We take democracy for granted today, but we do not often realize that it was first born as a groundbreaking experiment in ancient Greece! More than two thousand years ago Athens, Greece witnessed the birth of a new society, where freedom of speech and equality before the law were more important than noble ancestry and wealth—at least for some. Notably, the first democracy did not allow women, slaves, or foreigners living in Athens to vote. We will venture through the streets of this colorful and dynamic city with a special companion, Aspasia, guiding us. Aspasia is a real historical figure, born in what is now Turkey. As a woman and a foreigner, she challenges the narrow minds of the all-male democratic government. Through her eyes we will witness the power of freedom of speech through the subtle political criticism of ancient Greek plays and through sparkling debates with exceptional personalities, such as Socrates. Join this amazing journey back in time to discover the first democracy at work. Aspasia will demonstrate that there is more to Athens than its immaculate white marbles.

A FUNNY THING HAPPENED ON THE WAY TO FOUNTAIN SQUARE: ROME AND THE ROOTS OF THE MODERN CITY
Maura Brennan or Jeff Banks, Ph.D. Students
If an ancient Roman traveled to modern-day Cincinnati, what would he or she think? Certainly the technology would be shocking, but in many ways, both cities have much in common. Indeed, modern cities trace their roots back to the ancient Greek "polis" and the Roman "civitas," including governmental structures and entertainment facilities. With Rome and Cincinnati, however, the similarities are all the more striking. Let's take a walk along the Ohio and Tiber rivers, comparing the many buildings in terms of their architecture, arrangement and the different functions they play (for example: the Colosseum and Paul Brown Stadium!). We will discover how alike the modern city and its citizens are to the ancient civitas.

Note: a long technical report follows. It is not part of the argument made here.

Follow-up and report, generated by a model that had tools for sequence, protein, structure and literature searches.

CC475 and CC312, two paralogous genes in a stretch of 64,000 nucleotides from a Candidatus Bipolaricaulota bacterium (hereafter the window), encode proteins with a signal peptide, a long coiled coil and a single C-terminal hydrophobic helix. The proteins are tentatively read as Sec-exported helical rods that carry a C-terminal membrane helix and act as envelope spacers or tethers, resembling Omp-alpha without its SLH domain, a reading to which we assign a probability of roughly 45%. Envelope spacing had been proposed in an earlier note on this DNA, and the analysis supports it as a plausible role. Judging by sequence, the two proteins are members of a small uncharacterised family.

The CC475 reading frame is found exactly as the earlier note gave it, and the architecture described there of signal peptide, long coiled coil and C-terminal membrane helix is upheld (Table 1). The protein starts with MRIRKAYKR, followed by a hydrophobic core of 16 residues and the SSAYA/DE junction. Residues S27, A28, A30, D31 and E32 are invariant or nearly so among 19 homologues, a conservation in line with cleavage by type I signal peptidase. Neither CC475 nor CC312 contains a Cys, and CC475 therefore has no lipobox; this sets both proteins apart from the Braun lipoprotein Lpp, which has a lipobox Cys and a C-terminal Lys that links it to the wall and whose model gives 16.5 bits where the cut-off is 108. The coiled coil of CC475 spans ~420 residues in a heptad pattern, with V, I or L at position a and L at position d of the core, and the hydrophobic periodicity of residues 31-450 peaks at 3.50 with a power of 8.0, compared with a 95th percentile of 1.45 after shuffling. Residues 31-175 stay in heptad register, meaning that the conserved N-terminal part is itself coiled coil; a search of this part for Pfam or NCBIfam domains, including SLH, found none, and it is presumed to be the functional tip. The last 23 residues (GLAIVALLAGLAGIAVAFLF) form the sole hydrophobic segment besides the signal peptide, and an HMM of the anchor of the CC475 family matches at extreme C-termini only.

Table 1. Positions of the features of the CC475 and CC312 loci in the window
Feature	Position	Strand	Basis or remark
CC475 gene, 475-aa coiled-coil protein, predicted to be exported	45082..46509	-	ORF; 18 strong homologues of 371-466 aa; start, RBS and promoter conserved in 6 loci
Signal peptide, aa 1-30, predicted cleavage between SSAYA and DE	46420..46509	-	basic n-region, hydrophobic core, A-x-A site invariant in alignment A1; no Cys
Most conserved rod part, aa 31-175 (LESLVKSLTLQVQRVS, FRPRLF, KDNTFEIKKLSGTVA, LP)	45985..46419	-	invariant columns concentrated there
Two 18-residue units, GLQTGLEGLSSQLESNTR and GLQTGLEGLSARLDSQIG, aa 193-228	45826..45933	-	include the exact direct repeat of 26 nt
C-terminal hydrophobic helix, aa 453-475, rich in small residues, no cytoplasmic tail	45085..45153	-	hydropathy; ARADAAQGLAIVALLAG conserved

Note: this presentation includes some discussion of the FOUNDING FATHERS, their connection to Greece and Rome, and to Cincinnati. Educators interested in a Founding Fathers based presentation can request a modified version of the presentation that focuses more on this aspect of the presentation.

ALEXANDER THE GREAT: MAN OF GLORY
Tiziano Boggio, Ph.D. Student
He was tutored by the great philosopher Aristotle. He won his first battle at age 18 and became king at 20. He attacked and conquered the greatest empire known to ancient Greeks. He reached the borders of India with his army. All this before dying suddenly and mysteriously when only 33 years old. This and more is what made Alexander of Macedon one of the most famous characters in history. His life and deeds were recorded by Greek and Roman historians, and entered the tradition of many other people. Let’s embark on a trip to discover more about a man who single-handedly changed the course of history, and marked the beginning of a new era for the Greek world. We will learn more about his conquest of the East and the effects that this had. On the road, we will uncover some of the mysteries of this “Great” leader, while also observing what we still have in common with Alexander himself.